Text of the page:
Based on the latest data available for 2022, the WHO European Region has on average:
· 80 nurses per 10,000 people · 37 doctors per 10,000 people · 8 physiotherapists per 10,000 people · 6.9 pharmacists per 10,000 people · 6.7 dentists per 10,000 people · 4.1 midwives per 10,000 people
In WHO’s 2016 Global Strategy on Human Resources for Health (apps.who.int/iris/bitstream/handle/10665/250368/9789241511131 -eng.pdf), the threshold for aggregate health worker density was set at 44.5 doctors, nurses, and midwives per 10,000 people. All countries in the European Region are therefore currently above the threshold, but this doesn’t mean they can be complacent. There are serious gaps and shortages in the HCWF which will only get worse with time without policies and practices to address them.
Rising to the challenge: country examples
“Countries will need to rethink how they support and manage their health workforce. They will need to design strategies that reflect their own contexts and needs, because there is no one-size-fits-all,” said Dr Natasha Azzopardi -Muscat, Director of Country Health Policies and Systems at WHO/Europe. “The Region is at a critical juncture: strategic planning and smart investment are crucial next steps to make sure our health workers have the tools and support they need, to care for themselves and their patients. Society will pay a heavy price if we fail to rise to this challenge. This new report, and the data it includes about each of our Member States, offer solutions and opportunities we shouldn’t miss.”
Many countries across the Region have already begun taking bold and innovative steps.
In Ireland, the Enhanced Community Care programme is the government’s policy to provide more care in the community allowing the ageing population to maintain independence. It releases pressure on the hospital system and brings enhanced community care services to towns and villages across the country. Ireland’s population is ageing quickly. By 2028, there will be more people aged over 65 than those aged under 14.
In Kyrgyzstan, the government has introduced a pay-for-performance system for primary healthcare. The aim is to attract more doctors by increasing salaries for those who performed well in their duties. The system also includes an offer for specialists to retrain as family doctors, as 30% of family doctors were of retirement age in 2020.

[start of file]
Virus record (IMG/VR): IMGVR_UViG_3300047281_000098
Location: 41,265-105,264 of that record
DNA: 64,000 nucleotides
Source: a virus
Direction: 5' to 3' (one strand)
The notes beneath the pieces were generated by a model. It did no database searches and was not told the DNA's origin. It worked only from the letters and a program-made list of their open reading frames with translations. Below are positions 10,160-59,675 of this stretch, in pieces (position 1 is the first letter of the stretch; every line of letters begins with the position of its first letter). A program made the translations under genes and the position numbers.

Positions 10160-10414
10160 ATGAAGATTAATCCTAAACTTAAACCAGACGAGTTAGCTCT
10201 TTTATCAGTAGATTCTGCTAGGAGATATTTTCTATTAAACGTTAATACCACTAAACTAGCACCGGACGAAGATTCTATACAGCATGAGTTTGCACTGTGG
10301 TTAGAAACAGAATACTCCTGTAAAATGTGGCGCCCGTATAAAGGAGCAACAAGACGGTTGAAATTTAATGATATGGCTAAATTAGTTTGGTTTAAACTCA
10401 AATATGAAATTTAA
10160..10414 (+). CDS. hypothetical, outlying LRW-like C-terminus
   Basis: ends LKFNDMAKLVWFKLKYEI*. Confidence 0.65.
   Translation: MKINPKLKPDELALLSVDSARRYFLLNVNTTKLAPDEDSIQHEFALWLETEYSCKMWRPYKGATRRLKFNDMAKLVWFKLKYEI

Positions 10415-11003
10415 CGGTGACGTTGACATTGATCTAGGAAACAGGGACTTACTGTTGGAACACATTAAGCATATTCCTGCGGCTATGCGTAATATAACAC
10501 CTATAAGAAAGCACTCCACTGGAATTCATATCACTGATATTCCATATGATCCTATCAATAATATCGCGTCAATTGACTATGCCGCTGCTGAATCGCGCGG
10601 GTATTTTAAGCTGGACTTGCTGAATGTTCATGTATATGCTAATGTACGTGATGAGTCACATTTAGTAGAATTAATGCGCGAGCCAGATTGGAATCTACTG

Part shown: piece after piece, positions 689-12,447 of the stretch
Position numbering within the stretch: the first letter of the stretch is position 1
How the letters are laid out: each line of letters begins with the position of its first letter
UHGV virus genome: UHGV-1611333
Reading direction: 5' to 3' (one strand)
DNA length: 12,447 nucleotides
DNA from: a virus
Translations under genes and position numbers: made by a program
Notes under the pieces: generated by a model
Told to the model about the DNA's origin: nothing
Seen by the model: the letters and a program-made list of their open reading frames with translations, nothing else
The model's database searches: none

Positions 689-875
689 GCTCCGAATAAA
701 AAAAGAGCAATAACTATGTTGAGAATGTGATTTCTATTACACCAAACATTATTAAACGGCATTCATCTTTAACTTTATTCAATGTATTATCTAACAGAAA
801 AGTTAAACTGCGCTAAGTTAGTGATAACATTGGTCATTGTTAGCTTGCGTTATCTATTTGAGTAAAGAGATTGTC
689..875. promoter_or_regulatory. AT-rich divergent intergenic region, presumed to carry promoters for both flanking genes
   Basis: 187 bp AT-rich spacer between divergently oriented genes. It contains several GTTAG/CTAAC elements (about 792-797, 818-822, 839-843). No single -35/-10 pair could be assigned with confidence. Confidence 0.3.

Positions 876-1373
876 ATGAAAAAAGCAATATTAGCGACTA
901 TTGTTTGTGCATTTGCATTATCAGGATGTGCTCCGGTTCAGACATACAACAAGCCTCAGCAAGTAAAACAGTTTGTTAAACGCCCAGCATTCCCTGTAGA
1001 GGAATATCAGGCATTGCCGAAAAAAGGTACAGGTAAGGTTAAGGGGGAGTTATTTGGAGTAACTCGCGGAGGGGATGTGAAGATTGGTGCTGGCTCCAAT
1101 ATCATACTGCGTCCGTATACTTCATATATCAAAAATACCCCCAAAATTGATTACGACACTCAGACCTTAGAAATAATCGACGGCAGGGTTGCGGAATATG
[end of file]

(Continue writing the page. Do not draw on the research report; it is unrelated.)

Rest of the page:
In the United Kingdom, the government has been steadily recruiting foreign -trained nurses and midwives to replace those who are retiring or leaving the profession. At present there are almost 114,000 foreign-trained nurses registered in the UK – a 66% increase since 2017-2018. Conversely, the number of nurses trained in the EU/EEA dropped by nearly 18% over the same period. This is likely driven by the UK’s decision to leave the European Union (Brexit) and suggests that nurses coming from EU/EEA countries are no longer the major source of recruitment, with a major switch to recruiting from other regions and countries, notably India, Nigeria, and the Philippines.
Despite progressive steps in many places, much more investment, innovation and partnership are needed to avert further HCWF shortages in the future.
WHO/Europe is therefore urging Member States to waste no time by taking the following ten actions to strengthen the health and care workforce, even in those countries with above-average HCWF densities at the present time:
1. ALIGN education with population needs and health service requirements. 2. STRENGTHEN professional development to equip the workforce with new knowledge and competencies. 3. EXPAND the use of digital tools that support the workforce. 4. DEVELOP strategies that recruit and retain health workers in rural and remote areas. 5. CREATE working conditions that promote a healthy work-life balance. 6. PROTECT the health and mental wellbeing of the workforce 7. BUILD leadership capacity for workforce governance and planning. 8. IMPROVE health information systems for better data collection and analysis. 9. INCREASE public investment in in workforce education, development, and protection. 10. OPTIMIZE the use of funds for innovative workforce policies.
Full report (including country profiles) available here (apps.who.int/iris/handle/10665/362379).
Bhanu Bhatnagar, bbhatnagar@who.int
Ramy Srour, srourr@who.int
WHO/Europe Press Office, eupress@who.int